(Don’t) Jump for Joy
Jumping. Most of us DO NOT like when our dog jumps all over everyone and everything. Little dogs can scratch legs while big dogs can even knock people over! At Lost Creek, one of the biggest complaints we hear from our clients about their dogs is that they jump. So how do you keep your pooch from popping up? What an excellent question!
Before I get into how to keep your dog from jumping, it’s important for you, dear reader, to understand the “Why?” of “Why do dogs jump?”. Contrary to popular belief, sniffing rear ends is not the first way dogs greet each other! Dogs actually love to greet each other face to face! This is an opportunity to meet and assess their new acquaintance while still maintaining the possibility of keeping themselves safe. So when your dog (or any) jumps up in excitement, it is simply them trying to greet you face to face!
Some people believe jumping is an aggressive action. Let me put that myth to rest. An aggressive dog will never expose their vital areas (throat, stomach, etc.) to something that they are attacking. There is too great of risk that they will be injured.
Let me drive one point home: dogs jump for one reason and one reason only. WE LET THEM. Whether it is because we don’t know how to stop it or we inadvertently encourage it, this is the only reason that dogs will jump all over us after no jumping rules are established. So let’s get you on the path to having a dog that doesn’t jump!
- Ignore your dog and turn away from them. Since your dog is jumping for attention, take all attention away when they jump on you without permission.
- Invite them to jump up with a command when they are allowed to jump.
- Teach them to get down when told.
- Practice the jump up and get down command multiple times to solidify what the commands mean.
- Use disappointment when they jump without permission.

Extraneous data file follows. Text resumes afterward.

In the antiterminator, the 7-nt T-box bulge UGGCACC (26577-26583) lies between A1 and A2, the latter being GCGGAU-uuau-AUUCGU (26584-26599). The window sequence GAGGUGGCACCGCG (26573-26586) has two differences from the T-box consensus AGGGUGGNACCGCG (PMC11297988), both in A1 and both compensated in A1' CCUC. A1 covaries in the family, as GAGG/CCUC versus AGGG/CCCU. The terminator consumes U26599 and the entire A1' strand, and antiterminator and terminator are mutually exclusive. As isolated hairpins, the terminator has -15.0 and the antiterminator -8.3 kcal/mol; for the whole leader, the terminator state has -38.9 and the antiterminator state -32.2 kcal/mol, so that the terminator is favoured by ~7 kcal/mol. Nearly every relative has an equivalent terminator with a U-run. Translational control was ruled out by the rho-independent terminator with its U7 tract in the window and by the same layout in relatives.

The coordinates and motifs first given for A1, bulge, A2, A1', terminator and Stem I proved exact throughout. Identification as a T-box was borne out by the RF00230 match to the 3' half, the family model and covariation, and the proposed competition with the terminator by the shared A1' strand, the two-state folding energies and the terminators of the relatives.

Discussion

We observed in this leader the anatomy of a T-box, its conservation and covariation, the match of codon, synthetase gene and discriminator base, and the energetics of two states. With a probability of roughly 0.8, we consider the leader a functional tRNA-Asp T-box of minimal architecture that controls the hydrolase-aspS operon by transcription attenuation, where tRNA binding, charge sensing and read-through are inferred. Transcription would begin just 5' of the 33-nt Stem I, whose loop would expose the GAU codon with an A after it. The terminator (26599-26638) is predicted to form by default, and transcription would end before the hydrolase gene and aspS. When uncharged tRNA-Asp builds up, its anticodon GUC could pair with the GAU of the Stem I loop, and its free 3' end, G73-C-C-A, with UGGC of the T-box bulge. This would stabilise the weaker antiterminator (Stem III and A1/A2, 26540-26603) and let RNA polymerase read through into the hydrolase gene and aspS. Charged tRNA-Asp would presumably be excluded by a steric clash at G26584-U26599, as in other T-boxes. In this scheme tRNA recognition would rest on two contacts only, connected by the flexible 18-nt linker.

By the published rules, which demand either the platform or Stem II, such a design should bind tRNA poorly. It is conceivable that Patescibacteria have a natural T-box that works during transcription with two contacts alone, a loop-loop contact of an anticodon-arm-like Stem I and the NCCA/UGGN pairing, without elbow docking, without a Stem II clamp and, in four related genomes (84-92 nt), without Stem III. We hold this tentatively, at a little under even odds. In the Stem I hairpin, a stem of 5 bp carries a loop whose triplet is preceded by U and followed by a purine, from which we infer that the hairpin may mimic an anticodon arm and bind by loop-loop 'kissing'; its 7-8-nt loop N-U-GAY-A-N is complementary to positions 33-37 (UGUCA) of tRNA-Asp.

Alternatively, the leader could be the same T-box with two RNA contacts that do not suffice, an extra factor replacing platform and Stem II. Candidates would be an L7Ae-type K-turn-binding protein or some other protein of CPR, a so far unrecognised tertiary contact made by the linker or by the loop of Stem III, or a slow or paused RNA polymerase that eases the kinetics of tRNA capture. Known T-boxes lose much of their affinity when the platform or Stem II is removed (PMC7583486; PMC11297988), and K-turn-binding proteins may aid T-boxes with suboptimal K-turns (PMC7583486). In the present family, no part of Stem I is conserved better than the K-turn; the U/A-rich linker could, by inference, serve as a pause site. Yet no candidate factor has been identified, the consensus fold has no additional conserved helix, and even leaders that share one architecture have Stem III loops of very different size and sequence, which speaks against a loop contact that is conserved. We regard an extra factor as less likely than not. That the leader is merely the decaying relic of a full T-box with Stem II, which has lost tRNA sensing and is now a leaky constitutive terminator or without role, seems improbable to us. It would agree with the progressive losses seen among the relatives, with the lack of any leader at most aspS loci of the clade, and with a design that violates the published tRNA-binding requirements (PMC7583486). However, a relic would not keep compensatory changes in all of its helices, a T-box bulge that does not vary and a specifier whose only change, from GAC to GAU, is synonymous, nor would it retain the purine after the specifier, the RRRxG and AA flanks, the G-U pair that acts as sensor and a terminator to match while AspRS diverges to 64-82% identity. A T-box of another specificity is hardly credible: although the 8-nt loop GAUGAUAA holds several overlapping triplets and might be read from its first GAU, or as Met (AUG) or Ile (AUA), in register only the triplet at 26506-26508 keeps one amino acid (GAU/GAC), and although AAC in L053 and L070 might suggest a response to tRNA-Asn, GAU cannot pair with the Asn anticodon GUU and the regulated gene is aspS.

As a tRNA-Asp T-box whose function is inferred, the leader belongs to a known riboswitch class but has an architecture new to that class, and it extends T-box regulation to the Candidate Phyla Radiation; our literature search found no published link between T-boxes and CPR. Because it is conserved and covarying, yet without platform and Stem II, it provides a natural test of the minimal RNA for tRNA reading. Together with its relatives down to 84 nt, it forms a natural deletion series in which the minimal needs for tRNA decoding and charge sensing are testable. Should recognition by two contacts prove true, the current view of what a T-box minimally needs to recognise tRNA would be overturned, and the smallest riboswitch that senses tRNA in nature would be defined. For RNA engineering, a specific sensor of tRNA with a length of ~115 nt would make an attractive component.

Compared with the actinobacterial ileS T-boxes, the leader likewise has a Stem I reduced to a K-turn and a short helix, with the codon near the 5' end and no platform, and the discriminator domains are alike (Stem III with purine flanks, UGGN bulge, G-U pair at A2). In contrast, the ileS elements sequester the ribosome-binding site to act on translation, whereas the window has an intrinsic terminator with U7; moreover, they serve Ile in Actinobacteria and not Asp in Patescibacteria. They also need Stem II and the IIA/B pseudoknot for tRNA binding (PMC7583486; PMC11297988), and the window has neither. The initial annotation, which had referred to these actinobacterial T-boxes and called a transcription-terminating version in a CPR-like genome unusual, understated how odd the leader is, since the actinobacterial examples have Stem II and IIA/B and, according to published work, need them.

- Push your dog down. Dogs play more roughly than we do and when we push them down, we are inadvertently inviting them to play with us.
- Talk to them when they jump on you. This is a reward to them.
- Let others allow your dog to jump. This will undo any training that you give your dog for not jumping.
Once you have established with your dog that jumping is only appropriate when asked, be diligent to NEVER allow this behavior without your permission. It really is this simple! If you don’t want your dog to ever jump, don’t ever ask!
If you are having trouble with any of these steps, give us a call at (308) 455-0235 or send us email at firstname.lastname@example.org to schedule a session with us!
Thank you for taking the time to read my blog. I truly believe that with diligent education of the general public by expert trainers, we can improve lives of dogs around the world! Remember to Keep Calm and Get Lost at The Creek!
Tiffany Buerer has almost half a decade of training experience with Lost Creek. She is an expert in obedience training and has helped rehabilitate hundreds of aggressive dogs. She has also assisted with the training and certification of multiple service dogs through Lost Creek’s Service Dog Training & Certification Program.